Several factors need to be optimised for such molecular systems as outlined in Box 1. Our focus points in this project have been to develop molecules that can store a sufficient amount of energy and stay in the high-energy form for a long period. Specifically, our goal has been to modify the dihydroazulene-vinylheptafulvene (DHA/VHF) couple shown in Figure 1. DHA undergoes a ring-opening reaction upon irradiation to form VHF, which in time returns to DHA in a ring-closing reaction. The quantum yield of photoisomerisation is quite high (ca. 55%) and DHA absorbs light at a wavelength of ca. 350 nm that can be further redshifted by functionalisation towards the solar spectrum. Yet, the DHA-VHF couple shown in Figure 1 only has an energy storage capacity of 0.1 MJ kg-1, while values close to 1 MJ kg-1 are desirable for real applications. In addition, the lifetime of the VHF isomer is rather short – ca. 3½ hours, but depending on the medium in which the compound is dissolved. Thus, two major challenges are:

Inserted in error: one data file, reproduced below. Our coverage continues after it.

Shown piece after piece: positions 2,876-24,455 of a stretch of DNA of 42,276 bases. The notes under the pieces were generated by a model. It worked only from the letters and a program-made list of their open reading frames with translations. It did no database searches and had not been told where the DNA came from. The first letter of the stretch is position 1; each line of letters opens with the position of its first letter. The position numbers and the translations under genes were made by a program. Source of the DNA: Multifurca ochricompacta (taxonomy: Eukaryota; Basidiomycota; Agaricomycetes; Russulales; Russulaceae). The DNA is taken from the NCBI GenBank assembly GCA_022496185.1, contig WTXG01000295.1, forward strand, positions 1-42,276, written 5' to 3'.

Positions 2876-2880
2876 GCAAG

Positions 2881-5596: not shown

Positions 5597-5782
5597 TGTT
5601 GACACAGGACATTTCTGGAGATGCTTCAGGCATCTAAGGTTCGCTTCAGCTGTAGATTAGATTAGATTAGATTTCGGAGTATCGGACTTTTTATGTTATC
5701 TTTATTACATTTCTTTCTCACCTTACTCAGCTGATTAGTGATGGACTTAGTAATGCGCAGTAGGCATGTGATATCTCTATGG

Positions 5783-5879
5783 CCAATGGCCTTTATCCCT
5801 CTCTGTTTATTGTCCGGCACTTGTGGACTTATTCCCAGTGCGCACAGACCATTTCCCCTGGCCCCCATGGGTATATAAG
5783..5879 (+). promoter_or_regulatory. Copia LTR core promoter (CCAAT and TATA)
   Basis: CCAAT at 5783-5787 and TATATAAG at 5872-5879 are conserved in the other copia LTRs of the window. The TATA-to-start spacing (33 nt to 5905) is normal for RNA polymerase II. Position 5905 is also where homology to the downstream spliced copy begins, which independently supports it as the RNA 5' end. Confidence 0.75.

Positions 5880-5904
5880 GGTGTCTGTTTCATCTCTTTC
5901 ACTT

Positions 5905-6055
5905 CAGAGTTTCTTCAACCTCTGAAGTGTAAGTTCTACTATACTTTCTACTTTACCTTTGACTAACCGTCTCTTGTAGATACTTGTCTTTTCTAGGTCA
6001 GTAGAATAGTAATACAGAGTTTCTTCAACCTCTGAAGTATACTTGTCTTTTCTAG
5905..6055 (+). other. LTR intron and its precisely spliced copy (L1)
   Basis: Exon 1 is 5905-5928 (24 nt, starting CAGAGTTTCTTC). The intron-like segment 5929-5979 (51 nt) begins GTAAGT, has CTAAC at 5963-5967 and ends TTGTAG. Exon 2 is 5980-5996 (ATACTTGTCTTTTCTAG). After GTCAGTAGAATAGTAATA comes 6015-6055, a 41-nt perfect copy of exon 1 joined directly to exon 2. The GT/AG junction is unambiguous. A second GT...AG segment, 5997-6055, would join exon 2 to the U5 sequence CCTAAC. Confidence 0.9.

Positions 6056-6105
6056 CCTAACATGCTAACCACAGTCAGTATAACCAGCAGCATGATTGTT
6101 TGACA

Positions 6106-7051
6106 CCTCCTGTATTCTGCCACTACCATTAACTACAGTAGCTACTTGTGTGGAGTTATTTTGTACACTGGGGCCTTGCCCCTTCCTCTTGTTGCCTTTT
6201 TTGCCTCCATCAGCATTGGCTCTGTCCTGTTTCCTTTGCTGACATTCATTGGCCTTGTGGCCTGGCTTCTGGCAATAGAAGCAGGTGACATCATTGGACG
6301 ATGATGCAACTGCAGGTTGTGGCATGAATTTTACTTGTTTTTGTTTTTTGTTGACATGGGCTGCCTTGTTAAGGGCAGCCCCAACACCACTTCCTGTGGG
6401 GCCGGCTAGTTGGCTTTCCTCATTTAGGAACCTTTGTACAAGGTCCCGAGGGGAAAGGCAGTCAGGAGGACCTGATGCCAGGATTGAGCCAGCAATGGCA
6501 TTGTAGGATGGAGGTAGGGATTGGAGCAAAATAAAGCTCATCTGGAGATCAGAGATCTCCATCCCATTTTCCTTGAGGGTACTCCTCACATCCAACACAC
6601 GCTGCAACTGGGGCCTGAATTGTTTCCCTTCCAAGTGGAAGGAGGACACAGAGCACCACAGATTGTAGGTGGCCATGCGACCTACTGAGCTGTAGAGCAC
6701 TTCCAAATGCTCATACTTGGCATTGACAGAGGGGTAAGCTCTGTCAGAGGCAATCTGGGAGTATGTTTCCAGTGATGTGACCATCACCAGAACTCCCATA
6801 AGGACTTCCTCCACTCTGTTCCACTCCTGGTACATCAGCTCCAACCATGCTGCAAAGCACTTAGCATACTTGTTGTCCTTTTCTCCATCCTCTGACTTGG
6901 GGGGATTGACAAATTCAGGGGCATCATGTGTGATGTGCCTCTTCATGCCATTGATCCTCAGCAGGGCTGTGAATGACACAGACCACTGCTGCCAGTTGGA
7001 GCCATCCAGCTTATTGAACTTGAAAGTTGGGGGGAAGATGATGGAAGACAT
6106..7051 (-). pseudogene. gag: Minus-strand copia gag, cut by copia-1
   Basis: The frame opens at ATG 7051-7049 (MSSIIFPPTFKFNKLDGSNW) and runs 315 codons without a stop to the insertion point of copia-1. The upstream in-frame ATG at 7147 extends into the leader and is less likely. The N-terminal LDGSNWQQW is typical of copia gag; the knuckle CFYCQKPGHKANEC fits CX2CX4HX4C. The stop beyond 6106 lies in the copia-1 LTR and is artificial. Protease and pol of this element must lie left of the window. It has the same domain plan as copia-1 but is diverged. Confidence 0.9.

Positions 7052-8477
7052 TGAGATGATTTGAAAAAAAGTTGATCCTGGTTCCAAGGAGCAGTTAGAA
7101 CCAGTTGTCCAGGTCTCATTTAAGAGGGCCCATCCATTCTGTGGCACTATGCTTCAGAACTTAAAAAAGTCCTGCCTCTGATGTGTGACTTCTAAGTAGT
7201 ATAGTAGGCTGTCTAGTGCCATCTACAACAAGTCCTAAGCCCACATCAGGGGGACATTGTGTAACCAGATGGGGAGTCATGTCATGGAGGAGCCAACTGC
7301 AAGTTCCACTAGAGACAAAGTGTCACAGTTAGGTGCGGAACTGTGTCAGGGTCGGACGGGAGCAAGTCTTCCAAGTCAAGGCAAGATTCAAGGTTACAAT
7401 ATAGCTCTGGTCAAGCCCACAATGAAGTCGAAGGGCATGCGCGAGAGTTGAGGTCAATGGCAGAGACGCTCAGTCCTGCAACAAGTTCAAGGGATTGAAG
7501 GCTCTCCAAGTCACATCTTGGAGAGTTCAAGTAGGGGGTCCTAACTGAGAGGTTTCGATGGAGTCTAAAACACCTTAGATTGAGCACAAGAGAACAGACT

1. How is the energy storage capacity of the DHA-VHF couple increased?
  2. How is the rate of the VHF to DHA back-reaction decreased?

Figure 1. Dihydroazulene (DHA) undergoes upon irradiation a conversion to vinylheptafulvene (VHF), which in time returns to DHA, releasing the energy as heat.

Increasing the Energy Storage Capacity – Linking Photoisomerisation to Loss of Aromaticity Aromatic molecules like benzene are particularly stable so we reasoned that if we could combine the DHA to VHF conversion with a loss of an aromatic unit incorporated in the system, then we could possibly reach higher energy storage capacities. Calculations by our colleague Prof. Kurt V. Mikkelsen and his group in our Center for Exploitation of Solar Energy at University of Copenhagen showed that, indeed, the structure shown in Figure 2 would have an energy storage capacity close to four times that of the parent system. 

A synthetic route for achieving this molecule was developed and the compound was then subjected to switching studies. Unfortunately, it turned out that it did not undergo the desired photoisomerisation, but instead other photoisomerisation reactions. We managed nevertheless to achieve the VHF isomer by chemical means, but found that it underwent instantaneous ring-closure to the original DHA isomer, thereby regaining the favorable aromatic character.